SQL Server Maintenance Cleanup Task Intermittently Fails to Remove Old Files

I've created a Maintenance Plan on SQL 2008 R2 Standard Edition with three tasks - one backs up all user databases to disk, one is a maintenance cleanup task which deletes "bak" files older than 2 days, and one is a simple Notify Operator task which should email me if either of the first two tasks fails. There are separate backup destination directories - one for each database on the SQL instance. The backup type is set to "Full" and the server connection is local. The recovery model on these databases is "Simple" as there is no need for point-in-time recovery for the applications being supported. The plan has been running for the better part of a year now and has not been recently changed.

Most days, for most databases, the plan runs successfully and the cleanup task leaves only two backup files in the destination directory (the most current and the day before). On occasion, I'll find one or two databases whose backup directories contain 3 files... It doesn't fail, it just doesn't remove the oldest file. I had assumed this was simply a timing issue. Last night the backup job failed due to low available drive space. When I checked the backup folders, every backup directory contained at least three files and in some cases four files. What could be causing this?
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Jeff EdmundsApplication Developer/SQL DBAAsked:
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Vitor MontalvãoMSSQL Senior EngineerCommented:
It might be a bug then. To be honest I never use the Maintenance Plan from SQL Server but this one from Ola Hallengren. It work much better and it's accepted by a large number of DBAs around the world.

Btw, in you clean up task do you have "bak" or ".bak" as the file extension? The dot might do a difference here.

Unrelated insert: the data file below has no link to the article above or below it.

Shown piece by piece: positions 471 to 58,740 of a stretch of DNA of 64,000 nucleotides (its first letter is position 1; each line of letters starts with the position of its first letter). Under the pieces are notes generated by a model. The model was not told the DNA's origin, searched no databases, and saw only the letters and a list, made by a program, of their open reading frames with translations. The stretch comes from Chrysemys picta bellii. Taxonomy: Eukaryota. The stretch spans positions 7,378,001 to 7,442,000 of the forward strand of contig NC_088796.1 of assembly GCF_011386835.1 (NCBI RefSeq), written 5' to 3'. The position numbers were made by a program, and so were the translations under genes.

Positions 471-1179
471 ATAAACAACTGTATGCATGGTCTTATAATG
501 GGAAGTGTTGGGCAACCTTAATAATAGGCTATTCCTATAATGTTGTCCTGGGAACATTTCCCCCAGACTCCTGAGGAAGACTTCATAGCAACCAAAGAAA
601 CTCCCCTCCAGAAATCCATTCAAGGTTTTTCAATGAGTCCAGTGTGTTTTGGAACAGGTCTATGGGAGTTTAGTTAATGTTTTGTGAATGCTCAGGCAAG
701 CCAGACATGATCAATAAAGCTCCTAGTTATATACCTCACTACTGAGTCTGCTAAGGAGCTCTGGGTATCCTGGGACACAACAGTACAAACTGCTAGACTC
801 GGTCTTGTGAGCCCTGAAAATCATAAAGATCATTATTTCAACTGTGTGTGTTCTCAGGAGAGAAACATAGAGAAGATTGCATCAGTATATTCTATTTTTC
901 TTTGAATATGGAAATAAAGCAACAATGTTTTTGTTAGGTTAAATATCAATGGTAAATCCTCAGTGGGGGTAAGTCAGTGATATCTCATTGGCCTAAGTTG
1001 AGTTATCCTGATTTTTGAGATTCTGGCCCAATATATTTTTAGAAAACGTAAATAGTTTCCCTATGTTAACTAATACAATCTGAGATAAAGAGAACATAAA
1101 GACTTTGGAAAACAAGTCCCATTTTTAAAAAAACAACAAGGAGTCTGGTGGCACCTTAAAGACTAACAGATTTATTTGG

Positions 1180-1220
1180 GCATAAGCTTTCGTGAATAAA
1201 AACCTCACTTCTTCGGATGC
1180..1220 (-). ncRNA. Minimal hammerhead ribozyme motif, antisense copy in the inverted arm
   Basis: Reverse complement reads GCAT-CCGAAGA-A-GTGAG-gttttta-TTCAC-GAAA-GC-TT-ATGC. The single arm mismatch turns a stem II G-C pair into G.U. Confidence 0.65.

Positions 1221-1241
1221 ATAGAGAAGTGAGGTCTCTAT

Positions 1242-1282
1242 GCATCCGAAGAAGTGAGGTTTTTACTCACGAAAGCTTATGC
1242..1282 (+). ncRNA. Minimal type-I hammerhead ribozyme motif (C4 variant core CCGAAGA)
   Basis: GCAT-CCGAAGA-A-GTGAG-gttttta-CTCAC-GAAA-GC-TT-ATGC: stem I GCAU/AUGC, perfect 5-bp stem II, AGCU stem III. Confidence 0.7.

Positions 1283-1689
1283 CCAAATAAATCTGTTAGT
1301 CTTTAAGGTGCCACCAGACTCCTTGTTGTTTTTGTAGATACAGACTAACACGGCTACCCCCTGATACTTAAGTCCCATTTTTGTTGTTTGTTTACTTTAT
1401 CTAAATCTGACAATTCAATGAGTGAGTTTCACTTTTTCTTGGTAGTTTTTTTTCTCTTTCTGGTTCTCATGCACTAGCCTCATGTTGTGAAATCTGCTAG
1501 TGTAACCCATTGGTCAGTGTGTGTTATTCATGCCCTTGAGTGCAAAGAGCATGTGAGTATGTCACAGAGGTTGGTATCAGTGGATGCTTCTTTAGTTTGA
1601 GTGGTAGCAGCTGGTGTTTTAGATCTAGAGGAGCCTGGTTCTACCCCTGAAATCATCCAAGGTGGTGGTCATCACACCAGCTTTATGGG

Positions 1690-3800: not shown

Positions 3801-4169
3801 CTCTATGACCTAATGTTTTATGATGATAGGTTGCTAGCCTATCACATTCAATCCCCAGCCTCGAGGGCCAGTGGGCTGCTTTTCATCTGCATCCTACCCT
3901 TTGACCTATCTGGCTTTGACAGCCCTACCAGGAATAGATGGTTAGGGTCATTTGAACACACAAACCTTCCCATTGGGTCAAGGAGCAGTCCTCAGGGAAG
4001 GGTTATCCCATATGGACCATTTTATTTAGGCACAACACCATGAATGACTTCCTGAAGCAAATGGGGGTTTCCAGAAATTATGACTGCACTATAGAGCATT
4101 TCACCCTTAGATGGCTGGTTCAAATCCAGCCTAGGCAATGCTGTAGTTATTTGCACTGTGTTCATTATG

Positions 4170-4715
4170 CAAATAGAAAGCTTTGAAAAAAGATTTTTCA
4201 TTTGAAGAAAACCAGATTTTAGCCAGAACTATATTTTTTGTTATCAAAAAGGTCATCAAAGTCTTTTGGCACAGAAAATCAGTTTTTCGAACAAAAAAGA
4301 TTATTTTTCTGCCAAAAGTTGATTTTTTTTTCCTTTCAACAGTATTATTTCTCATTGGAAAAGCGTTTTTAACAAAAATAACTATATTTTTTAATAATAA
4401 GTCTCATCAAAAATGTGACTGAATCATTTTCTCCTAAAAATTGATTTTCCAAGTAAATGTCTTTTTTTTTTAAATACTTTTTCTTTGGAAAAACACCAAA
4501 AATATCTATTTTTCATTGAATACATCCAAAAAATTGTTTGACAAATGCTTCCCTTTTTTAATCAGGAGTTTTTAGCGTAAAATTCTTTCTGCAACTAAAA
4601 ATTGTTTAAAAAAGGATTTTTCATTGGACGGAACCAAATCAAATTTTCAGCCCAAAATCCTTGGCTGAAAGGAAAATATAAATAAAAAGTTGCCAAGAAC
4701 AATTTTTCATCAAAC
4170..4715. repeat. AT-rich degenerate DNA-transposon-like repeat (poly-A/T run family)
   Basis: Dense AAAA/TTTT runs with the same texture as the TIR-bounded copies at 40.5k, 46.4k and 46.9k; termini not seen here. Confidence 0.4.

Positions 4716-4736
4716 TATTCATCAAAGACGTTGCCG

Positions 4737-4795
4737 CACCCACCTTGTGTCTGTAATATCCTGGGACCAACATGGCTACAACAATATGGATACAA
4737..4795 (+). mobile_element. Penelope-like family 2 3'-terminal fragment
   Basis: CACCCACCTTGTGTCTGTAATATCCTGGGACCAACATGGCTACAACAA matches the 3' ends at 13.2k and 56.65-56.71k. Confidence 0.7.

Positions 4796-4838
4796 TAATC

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Zaheer IqbalTechnical Assurance & ImplementationCommented:
At what point is the cleanup task running ?
Do you have a any other backup jobs running in that time frame?
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Jeff EdmundsApplication Developer/SQL DBAAuthor Commented:
The cleanup task runs after the backup task completes. There are no other backup tasks on that instance running at the same time. There is a separate SQL instance on the server with a similar maintenance plan setup and the schedule is close, however the backup is saving to a different location. I thought it might be because of the slight overlap in the timing, however I've seen similar effects (with the occasional 3 files being left instead of two) on some of our other servers where the timing of the maintenance plans for the separate instances doesn't overlap at all. This is the first time I've seen as many as four files left behind for every database on the instance and had the backup fail due to drive space limitations.
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Vitor MontalvãoMSSQL Senior EngineerCommented: